Monday, 2 February 2015

Never Truly Satisfied

Have you ever been satisfied with something that you’ve seen, heard or felt?

Have you well and truly accepted something as being exactly how you wanted it to be?

Have you truly felt that there was nothing more to be added or removed from the object of observation?

If you say yes, then I urge you to think again.

I’m not talking about things created by you but things you notice around you.

It is not possible that you agree with something as it is without thinking of at least one change that can be made to make the object better in some aspect. I’m not saying this, the philosopher Plato is.

This guy...
Image Courtesy: Google Images.

He says that there is an ‘ideal world’ somewhere with the perfect dimensions of everything we see, hear and smell around us. What we see in this world are just variations of the perfect things in the ideal world.

But we do manage to find some things perfect. It rarely happens, you must agree, but it does. But, is it really so? Do we really find perfection at all? Or do we compromise? Do we accept something close enough to our own idea of the ideal world to be perfect? Is it possible?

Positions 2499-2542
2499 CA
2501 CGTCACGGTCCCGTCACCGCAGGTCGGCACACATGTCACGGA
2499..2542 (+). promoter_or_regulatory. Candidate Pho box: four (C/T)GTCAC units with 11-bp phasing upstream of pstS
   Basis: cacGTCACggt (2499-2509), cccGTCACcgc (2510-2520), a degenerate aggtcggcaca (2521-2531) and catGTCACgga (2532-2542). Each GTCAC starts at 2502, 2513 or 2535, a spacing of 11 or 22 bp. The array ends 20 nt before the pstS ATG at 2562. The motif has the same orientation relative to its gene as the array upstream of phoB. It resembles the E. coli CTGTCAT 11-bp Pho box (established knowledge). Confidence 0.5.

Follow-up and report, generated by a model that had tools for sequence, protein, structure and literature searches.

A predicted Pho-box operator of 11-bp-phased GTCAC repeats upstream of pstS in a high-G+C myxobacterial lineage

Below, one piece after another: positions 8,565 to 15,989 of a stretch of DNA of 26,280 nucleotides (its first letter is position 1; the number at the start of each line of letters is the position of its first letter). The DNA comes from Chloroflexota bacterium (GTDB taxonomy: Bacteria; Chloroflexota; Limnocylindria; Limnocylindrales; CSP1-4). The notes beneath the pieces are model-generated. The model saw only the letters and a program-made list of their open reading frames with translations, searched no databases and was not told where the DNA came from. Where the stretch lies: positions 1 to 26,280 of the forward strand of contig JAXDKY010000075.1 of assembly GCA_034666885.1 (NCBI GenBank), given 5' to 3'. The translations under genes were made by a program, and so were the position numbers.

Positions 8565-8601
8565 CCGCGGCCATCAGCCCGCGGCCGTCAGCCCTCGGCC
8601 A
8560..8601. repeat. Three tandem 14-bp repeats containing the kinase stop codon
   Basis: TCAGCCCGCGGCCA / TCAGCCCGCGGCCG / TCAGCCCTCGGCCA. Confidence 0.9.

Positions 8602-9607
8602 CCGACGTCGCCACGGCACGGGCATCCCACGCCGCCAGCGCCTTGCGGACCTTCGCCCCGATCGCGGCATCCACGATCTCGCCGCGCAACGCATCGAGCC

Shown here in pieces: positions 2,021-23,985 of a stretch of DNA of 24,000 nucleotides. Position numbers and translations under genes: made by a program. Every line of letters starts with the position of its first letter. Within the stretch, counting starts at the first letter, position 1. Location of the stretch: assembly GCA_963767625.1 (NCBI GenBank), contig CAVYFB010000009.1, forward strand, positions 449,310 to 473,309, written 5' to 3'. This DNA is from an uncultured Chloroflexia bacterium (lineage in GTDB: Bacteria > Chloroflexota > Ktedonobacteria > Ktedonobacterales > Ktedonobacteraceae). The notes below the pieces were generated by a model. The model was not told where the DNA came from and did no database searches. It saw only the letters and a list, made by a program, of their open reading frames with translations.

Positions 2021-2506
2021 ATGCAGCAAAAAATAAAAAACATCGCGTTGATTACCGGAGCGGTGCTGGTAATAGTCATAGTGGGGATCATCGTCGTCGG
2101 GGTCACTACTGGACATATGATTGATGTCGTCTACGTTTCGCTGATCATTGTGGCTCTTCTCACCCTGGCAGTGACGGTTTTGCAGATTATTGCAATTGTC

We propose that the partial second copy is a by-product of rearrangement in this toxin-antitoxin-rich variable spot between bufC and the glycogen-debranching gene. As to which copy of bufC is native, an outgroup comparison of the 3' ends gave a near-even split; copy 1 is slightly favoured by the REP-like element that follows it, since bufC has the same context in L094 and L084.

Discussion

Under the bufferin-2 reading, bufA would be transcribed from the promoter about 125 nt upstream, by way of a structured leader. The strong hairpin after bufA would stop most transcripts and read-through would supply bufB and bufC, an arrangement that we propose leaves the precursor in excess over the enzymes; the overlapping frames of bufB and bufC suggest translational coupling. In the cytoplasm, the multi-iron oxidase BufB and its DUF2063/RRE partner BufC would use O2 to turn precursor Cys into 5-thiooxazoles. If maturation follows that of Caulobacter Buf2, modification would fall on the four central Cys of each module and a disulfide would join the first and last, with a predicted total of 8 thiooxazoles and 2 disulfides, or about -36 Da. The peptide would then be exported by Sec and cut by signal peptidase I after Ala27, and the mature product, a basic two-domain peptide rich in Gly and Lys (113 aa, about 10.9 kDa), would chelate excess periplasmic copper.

I may be treating this theory all wrong but it really brings me to the idea of dissatisfaction and the lack of perfection in our perception to the things around us.

In this imperfect world, does compromise rule our lives? Are we just content living with the discontent that comes with everything that doesn’t meet our standards? Are we so used to being dissatisfied that it has become the natural state of the human mind?

Elders teach us to be satisfied in what is there and others tell us to live in the moment, enjoy life as it is but if that is true, aren’t we actually living a lie?

It is true that we cannot have everything according to our own standards because if that could happen, chaos would run rampant in this world.

But then how do we become well and truly satisfied?

Can science answer that?

Can faith?

Can philosophy?


Well, I sure as hell cannot.